dancers also. A Grecian influence is
displayed in the shape of the vase
and the transparency of the shawl.
But the vase is very Eastern in the
lack of importance given to the fig-
ure and its face, with only a little
A coptic dancing maid is very stiff
and the lines are very angular. An-
other example is in an illustration of
a Christian manuscript which was
written in the sixthncentury but il-
lustrated in the ninth century in
Italy. And still another dancer with
a shawl is in an ivory carving from
twelfth century Sicily.
A diversion from the usual woman
Kappa Tau Alpha, national hon-
orary journalism society, will hold
its next meeting at 7:45 p.m. Thurs-
day at the home of Mr. and Mrs.
Donal Hamilton Haines at 1229 Tra-
ver Rd., it was announced yesterday.
Members who need transportation
were asked to meet at the offices of
the department of journalism in Ha-
ven Hall at 7:30 p.m.

India in the eighteenth century.
And so the shawl dancer may be
traced back in ancient times as a
part of religious ceremonies and
especially in ceremonies given for
the God Bacchus.
Women To Hear Speech
By Fingerprint Expert
"Identification Through Finger-
prints" will be the subject of N. B.
Bliss, fingerprint expert of the Fed-
eral Detention Farm at Milan, in his
talk to be given at 6:30 p.m. Wednes-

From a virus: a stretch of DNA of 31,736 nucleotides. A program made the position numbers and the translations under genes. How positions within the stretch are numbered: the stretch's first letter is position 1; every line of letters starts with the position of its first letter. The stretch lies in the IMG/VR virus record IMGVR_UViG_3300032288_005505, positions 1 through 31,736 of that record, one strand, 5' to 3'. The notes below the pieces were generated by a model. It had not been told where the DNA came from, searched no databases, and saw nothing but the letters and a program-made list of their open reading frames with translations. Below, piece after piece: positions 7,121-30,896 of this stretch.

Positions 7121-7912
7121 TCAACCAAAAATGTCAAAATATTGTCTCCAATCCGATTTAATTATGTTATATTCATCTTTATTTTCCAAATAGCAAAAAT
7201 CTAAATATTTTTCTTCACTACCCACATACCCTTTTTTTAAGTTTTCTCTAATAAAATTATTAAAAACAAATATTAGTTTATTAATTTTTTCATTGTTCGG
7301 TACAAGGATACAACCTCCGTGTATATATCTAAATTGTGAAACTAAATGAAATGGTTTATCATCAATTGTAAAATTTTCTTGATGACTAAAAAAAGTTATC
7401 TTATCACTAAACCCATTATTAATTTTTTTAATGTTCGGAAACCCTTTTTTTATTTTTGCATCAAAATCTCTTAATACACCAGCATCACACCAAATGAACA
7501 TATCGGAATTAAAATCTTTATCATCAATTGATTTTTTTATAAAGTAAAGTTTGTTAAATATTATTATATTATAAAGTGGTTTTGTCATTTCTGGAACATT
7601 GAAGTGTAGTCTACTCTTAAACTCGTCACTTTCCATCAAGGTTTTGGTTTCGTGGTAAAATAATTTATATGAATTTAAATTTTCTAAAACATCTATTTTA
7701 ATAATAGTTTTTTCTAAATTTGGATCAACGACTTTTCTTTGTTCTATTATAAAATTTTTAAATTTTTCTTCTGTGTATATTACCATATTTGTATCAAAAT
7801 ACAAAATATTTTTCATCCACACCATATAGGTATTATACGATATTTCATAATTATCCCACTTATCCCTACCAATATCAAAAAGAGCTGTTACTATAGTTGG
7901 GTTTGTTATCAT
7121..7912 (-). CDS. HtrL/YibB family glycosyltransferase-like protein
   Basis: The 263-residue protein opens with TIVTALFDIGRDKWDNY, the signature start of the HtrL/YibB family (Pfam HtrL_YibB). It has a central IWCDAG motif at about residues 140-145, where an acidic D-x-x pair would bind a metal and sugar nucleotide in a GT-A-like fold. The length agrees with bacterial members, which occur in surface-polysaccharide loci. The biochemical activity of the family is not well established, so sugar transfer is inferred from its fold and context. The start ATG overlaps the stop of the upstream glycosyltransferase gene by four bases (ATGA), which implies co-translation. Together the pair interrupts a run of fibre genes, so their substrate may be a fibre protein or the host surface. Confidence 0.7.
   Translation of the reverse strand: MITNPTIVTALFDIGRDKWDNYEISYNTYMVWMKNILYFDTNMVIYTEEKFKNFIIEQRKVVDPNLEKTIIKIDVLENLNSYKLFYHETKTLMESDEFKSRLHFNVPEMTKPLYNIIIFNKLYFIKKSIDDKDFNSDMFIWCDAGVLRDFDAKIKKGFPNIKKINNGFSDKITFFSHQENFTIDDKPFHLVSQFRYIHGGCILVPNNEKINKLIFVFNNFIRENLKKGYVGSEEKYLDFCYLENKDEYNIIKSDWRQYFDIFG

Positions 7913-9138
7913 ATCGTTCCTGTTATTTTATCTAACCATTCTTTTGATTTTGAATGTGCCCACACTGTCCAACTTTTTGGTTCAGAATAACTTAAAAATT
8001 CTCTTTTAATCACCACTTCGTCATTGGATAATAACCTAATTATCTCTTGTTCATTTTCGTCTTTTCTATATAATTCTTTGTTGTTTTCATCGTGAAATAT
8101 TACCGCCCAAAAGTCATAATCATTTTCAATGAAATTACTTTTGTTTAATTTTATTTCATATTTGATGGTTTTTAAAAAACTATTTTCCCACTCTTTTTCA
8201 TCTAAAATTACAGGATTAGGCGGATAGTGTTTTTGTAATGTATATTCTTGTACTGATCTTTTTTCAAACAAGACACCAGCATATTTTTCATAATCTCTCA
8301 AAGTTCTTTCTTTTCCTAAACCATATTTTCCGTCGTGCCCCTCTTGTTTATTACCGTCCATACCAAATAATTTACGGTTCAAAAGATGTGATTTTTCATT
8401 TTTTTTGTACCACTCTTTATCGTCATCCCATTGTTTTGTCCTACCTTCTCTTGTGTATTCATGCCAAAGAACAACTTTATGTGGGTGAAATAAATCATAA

day at the monthly dinner and busi-
ness meeting of the Business and
Professional Women's Club.
The program, which will begin at
8 p.m., is in charge of the Legislative
committee, of which Mrs. Maria Peel
is chairman. The club extends an
invitation to anyone who is interested
in the subject of the lecture to at-
The Bridge group of the Michigan
Dames will hold a meeting at 8 p.m.
Tuesday in the League. Mrs. Donald
Church is in charge, and all reserva-
tions must be made with her. All
those who have signed will be ex-
pected to play, unless they notify
Mrs. Church.

Shawl Dancers Are No Modern
Innovation, Art Pieces Prove
By JEWEL WUERFEL and a shawl is seen in a Japanese
The modern fan dancer is merely print where a gown with wide full
a version of the ancient shawl dancer sleeves, a belt with a huge bow and
of Greece and Eastern countries, ac- a fan is introduced, supplying more